It is after lunch now, and that I have been awake since 2 a.m. is only a slight exaggeration. I decided earlier in the week that I needed to do something to lift a cloud I’ve found over me a lot lately, so I aimed for a 6 a.m. yoga class that would’ve taken place today. After another (another. another.) Eli-filled night of screaming and nursing and rocking, I dragged myself out at 5:45 to get my Zen on and my chakras aligned and my hips released and, oh please, just to make me all happy and buzzed like I get after a thorough yoga sweat. It’s really a bit misleading to make it sound like getting to the class was hard. I was inhumanely tired, but I had a chance to go and do something. Something nice. And something alone. What was hard was getting there and seeing that the studio was closed for the holidays, and trying to observe instead of implode when I found myself falling to pieces over a trivial matter. It’s been one of those weeks.
And it’s also been one of those weeks when you try extra hard to hang on to all of your gratitude. Last week was the shooting at Sandy Hook Elementary, an event so layered with horror and sadness in every direction that my mind has never found any entry into saying word one about it, except to ask my husband whether his work holiday party, which was held on the day of, was cancelled. So I hugged my babies tighter along with everyone else. And I said my prayers out there, to whatever there is, for whomever could use it. But gratitude doesn’t cancel out stress, exhaustion, and one’s personal hardships. And beating yourself up over that fact doesn’t serve a soul.
I remember after my sister died, on top of mourning, I felt sick with guilt for that very same mourning. I seethed at myself for daring to wail over the loss of someone I bickered with so often. Someone I didn’t call enough. Someone who I judged and who judged me. God yes, we loved each other. But it was the love of two sisters in their twenties, each fueled by their own life’s drama and nowhere near the place where you can sit back and appreciate, with true perspective or real maturity, what was before you. We were closer to that point, though, and I was so very angry we didn’t get to finish our story. More so that she didn’t get to finish hers. There is no sense to be made of accidental drowning of a 28 year old who’d been a lifeguard as a teen. And I didn’t want to pretend it made sense. And I really, really didn’t want to pretend that those who grieved her had a right to act like we had done enough, known her enough, tried hard enough, such that the story was done and we could say good-bye. It took me a long time to make any peace with that feeling, and the peace has all come from time.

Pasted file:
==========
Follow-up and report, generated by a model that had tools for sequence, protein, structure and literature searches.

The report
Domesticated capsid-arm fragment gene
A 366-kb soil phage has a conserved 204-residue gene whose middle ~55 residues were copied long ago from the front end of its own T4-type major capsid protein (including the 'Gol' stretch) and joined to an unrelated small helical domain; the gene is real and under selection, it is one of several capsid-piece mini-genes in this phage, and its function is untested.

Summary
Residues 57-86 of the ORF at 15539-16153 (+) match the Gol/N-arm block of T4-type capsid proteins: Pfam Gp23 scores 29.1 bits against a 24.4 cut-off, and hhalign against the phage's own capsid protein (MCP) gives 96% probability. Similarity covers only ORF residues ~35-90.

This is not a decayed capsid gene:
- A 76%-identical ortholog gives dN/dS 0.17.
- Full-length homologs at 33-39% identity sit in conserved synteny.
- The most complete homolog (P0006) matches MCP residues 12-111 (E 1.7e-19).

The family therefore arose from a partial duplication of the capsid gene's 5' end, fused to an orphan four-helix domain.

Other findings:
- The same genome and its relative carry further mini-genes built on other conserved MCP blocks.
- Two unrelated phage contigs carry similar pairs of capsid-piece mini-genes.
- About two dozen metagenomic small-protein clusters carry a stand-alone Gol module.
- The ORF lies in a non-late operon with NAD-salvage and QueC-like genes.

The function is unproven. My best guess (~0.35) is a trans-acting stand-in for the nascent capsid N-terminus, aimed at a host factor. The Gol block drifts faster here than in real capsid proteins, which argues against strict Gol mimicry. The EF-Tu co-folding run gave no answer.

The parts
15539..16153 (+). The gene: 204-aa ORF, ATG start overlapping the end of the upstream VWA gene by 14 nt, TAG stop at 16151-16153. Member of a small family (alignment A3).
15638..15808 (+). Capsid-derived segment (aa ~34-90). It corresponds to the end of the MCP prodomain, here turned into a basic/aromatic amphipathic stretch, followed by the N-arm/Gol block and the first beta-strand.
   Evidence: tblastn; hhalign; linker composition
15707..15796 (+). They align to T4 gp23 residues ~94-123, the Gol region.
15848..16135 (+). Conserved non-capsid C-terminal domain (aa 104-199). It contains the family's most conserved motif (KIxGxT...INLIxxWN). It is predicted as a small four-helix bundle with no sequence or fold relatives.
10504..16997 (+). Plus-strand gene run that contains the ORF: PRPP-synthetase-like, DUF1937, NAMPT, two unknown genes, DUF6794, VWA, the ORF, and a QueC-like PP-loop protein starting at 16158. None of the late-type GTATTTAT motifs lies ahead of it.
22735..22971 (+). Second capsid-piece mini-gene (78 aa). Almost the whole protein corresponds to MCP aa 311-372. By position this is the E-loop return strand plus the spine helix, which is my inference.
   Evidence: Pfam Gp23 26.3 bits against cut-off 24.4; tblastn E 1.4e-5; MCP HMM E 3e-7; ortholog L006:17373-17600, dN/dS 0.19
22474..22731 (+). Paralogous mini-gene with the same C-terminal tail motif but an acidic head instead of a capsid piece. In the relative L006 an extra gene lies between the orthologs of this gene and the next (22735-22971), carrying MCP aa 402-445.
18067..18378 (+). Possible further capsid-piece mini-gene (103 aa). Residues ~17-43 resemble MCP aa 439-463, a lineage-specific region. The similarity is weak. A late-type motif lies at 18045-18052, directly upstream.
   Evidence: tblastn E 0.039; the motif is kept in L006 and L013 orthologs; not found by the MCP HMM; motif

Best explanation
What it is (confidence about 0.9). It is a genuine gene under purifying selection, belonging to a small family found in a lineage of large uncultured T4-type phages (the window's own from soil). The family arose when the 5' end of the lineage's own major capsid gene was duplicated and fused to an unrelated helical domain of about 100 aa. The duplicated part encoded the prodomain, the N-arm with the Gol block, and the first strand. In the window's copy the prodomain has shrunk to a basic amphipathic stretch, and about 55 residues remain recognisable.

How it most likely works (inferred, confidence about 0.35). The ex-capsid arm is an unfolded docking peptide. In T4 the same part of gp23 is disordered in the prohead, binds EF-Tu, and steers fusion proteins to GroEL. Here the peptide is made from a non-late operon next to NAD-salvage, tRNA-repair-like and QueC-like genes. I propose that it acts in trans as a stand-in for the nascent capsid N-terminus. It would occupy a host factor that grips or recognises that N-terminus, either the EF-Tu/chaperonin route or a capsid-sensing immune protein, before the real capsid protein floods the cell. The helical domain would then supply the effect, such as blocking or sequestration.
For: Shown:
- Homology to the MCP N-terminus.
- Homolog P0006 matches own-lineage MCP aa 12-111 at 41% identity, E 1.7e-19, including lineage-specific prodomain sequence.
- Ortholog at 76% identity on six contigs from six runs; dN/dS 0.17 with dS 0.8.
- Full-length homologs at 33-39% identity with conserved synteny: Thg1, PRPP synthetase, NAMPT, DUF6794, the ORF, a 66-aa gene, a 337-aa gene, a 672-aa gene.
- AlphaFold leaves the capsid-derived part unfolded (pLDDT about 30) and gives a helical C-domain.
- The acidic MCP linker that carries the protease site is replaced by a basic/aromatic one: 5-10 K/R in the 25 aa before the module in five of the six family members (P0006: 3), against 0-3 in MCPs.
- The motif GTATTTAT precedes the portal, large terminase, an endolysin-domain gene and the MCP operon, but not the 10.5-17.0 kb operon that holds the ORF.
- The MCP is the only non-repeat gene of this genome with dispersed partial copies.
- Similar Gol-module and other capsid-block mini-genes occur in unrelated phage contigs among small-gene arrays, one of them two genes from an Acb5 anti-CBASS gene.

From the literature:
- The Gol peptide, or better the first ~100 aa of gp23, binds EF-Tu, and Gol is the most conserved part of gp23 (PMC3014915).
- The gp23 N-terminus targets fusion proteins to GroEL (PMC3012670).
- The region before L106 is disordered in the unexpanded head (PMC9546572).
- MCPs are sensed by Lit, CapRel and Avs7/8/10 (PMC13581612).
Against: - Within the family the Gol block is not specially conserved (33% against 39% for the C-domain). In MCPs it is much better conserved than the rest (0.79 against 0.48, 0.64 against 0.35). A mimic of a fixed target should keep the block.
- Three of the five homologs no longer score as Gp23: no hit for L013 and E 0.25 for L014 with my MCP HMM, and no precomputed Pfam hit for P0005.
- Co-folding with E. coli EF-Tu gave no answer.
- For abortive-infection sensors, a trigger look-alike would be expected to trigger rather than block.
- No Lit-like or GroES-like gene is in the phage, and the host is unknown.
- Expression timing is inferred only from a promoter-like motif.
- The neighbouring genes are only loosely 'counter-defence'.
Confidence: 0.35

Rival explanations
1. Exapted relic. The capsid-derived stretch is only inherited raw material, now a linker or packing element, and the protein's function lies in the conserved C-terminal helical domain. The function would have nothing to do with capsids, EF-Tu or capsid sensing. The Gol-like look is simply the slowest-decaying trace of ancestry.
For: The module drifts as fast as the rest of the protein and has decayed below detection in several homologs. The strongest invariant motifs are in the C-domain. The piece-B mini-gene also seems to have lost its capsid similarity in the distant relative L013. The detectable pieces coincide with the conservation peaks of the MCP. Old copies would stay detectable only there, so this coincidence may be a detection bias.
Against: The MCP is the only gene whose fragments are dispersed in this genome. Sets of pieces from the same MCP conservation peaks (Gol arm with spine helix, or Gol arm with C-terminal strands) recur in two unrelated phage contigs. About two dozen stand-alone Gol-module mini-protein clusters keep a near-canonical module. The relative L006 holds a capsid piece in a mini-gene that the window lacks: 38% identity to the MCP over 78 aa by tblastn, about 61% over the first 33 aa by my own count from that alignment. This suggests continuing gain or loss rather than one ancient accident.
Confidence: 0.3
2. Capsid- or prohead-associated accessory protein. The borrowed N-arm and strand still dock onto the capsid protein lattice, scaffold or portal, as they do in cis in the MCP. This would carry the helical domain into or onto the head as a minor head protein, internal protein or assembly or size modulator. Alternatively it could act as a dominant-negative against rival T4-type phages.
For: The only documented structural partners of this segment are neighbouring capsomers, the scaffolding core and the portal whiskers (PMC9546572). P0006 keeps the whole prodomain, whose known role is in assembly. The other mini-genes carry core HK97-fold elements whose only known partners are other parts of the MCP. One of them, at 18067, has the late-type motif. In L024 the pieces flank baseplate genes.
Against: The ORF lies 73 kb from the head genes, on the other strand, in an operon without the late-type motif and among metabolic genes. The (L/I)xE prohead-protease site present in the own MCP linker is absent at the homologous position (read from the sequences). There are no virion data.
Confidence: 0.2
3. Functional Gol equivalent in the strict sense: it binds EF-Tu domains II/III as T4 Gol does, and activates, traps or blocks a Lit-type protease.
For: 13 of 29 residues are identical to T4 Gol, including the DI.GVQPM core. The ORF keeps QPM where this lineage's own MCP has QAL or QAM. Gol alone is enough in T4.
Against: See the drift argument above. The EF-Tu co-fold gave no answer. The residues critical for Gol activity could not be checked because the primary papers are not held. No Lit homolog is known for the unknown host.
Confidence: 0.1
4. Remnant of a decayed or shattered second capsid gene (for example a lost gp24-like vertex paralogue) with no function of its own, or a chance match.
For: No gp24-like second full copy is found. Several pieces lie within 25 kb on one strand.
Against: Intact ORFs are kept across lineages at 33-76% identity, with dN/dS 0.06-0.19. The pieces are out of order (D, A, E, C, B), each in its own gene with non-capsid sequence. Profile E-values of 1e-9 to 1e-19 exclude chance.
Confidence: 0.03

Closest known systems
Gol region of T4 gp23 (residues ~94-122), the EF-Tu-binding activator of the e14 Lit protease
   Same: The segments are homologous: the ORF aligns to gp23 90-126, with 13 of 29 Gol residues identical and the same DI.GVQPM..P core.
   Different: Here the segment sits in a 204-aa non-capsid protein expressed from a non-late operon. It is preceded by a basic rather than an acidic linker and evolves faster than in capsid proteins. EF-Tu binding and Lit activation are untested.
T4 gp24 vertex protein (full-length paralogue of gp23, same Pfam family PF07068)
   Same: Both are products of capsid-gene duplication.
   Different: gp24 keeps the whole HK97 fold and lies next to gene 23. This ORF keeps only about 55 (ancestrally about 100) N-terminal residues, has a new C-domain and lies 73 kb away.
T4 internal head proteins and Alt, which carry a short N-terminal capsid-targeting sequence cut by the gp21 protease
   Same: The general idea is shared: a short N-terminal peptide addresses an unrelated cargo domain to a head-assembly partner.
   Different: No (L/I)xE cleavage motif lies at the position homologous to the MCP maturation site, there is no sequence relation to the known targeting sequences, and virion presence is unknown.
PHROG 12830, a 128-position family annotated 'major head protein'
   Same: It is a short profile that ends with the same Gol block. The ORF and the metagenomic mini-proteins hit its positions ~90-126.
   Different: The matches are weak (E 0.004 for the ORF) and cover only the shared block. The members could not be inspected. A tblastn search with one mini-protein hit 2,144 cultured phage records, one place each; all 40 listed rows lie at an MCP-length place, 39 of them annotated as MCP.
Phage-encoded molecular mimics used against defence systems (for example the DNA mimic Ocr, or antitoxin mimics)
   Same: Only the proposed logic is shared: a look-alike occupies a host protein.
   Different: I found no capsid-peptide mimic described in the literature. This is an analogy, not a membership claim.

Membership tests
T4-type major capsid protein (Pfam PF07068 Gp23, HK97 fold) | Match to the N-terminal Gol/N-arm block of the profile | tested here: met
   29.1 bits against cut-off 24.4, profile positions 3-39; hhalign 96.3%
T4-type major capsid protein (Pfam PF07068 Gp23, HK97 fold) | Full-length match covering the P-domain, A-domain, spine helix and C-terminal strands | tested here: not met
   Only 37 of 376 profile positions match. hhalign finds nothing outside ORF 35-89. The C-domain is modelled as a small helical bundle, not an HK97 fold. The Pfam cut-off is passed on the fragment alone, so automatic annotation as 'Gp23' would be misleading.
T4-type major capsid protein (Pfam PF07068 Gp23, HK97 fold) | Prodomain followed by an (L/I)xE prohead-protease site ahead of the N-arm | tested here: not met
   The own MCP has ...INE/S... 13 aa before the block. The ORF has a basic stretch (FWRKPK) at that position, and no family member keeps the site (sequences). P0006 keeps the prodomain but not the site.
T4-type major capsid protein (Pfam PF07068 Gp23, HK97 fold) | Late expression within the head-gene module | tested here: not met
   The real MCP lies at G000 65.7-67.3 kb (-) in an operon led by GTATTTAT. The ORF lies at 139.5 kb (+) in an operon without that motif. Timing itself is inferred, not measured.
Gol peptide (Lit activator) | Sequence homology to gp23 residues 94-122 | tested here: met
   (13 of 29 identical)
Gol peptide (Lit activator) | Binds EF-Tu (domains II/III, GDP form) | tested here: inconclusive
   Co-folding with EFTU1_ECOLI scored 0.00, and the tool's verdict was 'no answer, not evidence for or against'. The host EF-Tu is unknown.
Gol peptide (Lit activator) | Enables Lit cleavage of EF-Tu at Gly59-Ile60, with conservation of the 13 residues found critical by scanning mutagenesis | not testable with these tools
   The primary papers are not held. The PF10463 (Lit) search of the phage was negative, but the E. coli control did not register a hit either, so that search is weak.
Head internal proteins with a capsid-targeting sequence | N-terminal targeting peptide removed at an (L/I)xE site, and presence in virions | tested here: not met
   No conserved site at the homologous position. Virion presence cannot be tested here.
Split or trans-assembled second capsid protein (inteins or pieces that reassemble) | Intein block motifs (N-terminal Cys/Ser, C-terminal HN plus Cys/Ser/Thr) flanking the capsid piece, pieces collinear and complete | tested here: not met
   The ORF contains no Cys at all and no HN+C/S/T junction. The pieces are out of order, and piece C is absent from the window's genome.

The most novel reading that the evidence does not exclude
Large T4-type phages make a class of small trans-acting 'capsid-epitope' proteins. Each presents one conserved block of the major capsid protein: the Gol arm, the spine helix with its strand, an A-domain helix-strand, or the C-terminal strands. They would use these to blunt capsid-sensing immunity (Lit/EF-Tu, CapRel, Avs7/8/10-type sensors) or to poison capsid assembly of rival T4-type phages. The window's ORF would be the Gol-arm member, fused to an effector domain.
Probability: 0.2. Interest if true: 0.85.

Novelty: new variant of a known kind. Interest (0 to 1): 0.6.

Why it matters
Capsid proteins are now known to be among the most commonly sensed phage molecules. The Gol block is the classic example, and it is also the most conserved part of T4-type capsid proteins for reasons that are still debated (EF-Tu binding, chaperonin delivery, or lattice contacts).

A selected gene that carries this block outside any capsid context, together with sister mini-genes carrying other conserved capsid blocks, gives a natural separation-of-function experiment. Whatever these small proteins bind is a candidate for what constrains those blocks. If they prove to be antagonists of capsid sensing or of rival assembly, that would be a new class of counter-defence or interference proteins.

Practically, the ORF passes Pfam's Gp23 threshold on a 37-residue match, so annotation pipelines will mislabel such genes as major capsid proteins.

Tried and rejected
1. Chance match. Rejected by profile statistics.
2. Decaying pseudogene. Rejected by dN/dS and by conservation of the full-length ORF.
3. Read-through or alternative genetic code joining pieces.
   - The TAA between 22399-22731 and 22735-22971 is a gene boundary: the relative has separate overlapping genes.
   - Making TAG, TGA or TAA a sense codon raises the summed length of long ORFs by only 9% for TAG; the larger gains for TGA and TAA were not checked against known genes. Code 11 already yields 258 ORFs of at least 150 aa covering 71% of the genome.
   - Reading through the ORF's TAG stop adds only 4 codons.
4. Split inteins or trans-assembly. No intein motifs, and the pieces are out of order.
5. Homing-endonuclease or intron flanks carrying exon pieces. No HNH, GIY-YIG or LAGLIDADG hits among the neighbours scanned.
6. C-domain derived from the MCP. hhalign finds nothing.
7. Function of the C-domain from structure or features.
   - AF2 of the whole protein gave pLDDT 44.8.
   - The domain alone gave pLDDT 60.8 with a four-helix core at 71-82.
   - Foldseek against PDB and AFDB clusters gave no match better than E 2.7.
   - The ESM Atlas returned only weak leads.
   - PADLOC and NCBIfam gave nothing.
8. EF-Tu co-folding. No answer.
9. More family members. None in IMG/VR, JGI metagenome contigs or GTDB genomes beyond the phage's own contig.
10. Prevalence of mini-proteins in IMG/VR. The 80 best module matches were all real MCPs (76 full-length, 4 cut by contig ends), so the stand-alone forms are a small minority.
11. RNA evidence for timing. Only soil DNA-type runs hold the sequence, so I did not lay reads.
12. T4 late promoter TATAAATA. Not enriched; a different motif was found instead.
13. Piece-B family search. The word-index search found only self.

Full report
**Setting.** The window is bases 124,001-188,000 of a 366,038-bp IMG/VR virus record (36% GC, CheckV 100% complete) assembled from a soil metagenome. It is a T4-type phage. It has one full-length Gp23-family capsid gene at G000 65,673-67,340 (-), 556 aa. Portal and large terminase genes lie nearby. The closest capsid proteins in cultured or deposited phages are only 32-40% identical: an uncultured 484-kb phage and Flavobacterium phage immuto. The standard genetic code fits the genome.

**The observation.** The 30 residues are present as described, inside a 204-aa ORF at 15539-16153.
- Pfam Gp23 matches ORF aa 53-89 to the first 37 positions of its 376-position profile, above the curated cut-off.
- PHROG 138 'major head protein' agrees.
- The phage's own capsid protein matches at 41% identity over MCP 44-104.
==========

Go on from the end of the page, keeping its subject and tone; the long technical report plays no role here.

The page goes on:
I’m not sure it makes sense, but this feeling I have now – one that I have often but is especially acute at the moment – is familiar to me because of losing my sister. It is a sense that I don’t deserve to feel negative emotions (and therefore certainly do not deserve any sense of catharsis) because I don’t really appreciate what I have. It’s the “Of course, my kids are great” syndrome. Needing to remind yourself, others, the ether, that you know this time is precious in spite of your complaints. That these people you are raising are miracles. I know I am wrong to begrudge myself the right to feel lousy – without layering it with shame. But it is hard to really let that sink in. I’m working on it.
It’s been an exhausting year. New house, new city, new (old) country. New friends, new baby, and for Will, a new job that is poised to swallow him whole if he lets it. Not to mention we did a different version of all those new things not two years beforehand when we moved from California to Germany. Will and I have grown up immeasurably in the last few years, and we’re solid. We’re solid but we’ve got little or nothing left for “us,” which neither of us spend much time complaining about, but it still takes its toll. In the past few weeks, Eli has nearly stopped napping, stricken apparently with late-onset colic (that’s not a thing, but it feels like a thing), spending much of the day screaming. And my reaction has been less than exemplary. Lately, we’ve decided that two kids is all we’re going to have, which makes sense, and on almost every level it feels like (these) two kids are all I am equipped to deal with. Except the level that that is heartbroken at the thought of never holding a new baby in my arms. Maybe it’s the confluence of events today, from winter solstice, Eli’s 6 month birthday, to the not surprising (but still somewhat relieving) non-happening of the Mayan foretold apocalypse, but my heart feels heavy and so full.